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Published on October 18th, 2012 | by James Ayre


If Your Neighbor Has Solar Panels, You’re More Likely To Go Solar (Solar Power Is Contagious)

October 18th, 2012 by  

Someone is considerably more likely to install solar panels on their home if others in their area have already installed them, according to new research from Yale and New York University.

The research was done by studying different clusters of solar panel installations in California from January 2001 to December 2011. The researchers found that residents are much more likely to install solar panels if they are already installed in their zip code, and particularly if they are installed on their street.

“We looked at the influence that the number of cumulative adoptions — the number of people who already installed solar panels in a zip code — had on the probability there would be a new adoption in that zip code,” said Kenneth Gillingham, the study’s co-author and assistant professor of economics at the Yale School of Forestry & Environmental Studies. “Our approach controls for a variety of other possible explanations, including clustering of environmental preferences or marketing activity.”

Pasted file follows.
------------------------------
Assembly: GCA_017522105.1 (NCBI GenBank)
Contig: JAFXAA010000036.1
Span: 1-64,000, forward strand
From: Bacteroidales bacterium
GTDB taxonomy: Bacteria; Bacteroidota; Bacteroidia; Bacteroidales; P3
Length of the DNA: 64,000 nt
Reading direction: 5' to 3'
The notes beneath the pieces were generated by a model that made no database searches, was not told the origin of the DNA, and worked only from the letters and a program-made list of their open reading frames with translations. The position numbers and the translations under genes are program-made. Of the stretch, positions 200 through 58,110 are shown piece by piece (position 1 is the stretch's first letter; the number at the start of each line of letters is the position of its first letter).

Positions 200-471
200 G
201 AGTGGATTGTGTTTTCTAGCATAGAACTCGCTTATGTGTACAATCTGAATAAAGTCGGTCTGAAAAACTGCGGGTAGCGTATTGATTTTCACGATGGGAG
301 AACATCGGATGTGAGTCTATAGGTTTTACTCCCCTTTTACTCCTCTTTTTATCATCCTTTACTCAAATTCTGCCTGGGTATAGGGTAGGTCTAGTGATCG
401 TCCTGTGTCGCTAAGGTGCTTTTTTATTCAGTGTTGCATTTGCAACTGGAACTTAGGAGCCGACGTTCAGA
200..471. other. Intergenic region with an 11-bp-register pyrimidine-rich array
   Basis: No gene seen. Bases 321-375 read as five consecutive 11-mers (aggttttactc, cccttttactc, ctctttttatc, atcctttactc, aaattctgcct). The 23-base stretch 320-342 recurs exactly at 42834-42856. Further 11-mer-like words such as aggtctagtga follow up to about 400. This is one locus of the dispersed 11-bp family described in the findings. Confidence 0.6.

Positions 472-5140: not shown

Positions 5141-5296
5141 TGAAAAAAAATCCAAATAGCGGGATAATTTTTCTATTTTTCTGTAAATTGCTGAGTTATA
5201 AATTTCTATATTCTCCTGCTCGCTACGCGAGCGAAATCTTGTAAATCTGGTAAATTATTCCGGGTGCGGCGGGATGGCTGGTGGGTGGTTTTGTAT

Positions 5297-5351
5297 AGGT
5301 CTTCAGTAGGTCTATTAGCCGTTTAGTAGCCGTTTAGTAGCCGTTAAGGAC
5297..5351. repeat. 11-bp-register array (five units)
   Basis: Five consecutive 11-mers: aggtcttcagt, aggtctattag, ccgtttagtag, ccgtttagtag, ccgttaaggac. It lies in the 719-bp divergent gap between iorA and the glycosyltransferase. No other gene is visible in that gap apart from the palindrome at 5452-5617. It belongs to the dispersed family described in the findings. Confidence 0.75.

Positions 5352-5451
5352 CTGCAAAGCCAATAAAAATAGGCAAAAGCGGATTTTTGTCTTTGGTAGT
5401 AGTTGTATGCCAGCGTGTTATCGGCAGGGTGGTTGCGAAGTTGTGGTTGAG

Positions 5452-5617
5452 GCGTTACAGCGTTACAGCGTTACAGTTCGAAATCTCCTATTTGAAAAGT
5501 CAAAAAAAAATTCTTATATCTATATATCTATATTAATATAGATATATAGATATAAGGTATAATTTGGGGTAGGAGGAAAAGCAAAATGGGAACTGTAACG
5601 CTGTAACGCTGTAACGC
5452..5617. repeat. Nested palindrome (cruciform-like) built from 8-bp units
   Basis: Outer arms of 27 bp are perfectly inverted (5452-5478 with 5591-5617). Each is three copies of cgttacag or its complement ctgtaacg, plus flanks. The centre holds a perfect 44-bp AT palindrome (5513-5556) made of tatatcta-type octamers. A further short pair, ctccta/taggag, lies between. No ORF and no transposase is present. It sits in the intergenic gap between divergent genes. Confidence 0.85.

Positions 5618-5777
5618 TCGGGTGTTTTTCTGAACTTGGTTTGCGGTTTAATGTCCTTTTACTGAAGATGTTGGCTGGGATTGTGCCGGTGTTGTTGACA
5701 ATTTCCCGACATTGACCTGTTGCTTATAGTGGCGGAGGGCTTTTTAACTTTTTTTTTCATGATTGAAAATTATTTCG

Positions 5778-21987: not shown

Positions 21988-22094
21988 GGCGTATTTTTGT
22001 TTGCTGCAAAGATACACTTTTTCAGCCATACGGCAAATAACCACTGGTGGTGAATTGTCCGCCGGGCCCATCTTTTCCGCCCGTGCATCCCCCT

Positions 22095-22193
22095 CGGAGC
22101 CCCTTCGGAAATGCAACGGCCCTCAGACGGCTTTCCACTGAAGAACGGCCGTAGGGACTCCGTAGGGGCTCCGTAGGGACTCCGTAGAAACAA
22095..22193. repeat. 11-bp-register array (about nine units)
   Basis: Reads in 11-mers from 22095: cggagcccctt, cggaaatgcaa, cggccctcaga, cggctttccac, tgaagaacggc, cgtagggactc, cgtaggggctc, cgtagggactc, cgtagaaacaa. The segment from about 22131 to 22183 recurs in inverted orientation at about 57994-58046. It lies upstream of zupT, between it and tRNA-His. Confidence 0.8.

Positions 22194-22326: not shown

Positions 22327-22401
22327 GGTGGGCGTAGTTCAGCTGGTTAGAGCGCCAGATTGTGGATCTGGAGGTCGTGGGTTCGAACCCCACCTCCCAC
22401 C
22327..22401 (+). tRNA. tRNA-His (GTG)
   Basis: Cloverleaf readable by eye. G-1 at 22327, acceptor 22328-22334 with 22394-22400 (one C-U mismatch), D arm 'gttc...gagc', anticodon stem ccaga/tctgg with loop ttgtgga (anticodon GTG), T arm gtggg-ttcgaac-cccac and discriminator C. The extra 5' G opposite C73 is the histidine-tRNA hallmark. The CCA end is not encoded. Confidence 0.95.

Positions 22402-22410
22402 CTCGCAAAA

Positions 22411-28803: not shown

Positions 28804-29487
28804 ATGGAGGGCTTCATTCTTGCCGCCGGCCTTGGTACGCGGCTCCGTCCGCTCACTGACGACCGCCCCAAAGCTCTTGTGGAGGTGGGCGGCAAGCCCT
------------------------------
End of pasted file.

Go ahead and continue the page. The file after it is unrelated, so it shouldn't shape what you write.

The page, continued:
The results were pretty significant, just 10 extra solar installations in a zip code made it 7.8% more likely that someone would install them themselves. And with just a 10% increase in the number of people within a zip code to have solar installations, there will be a 54% increase in the number of those going solar.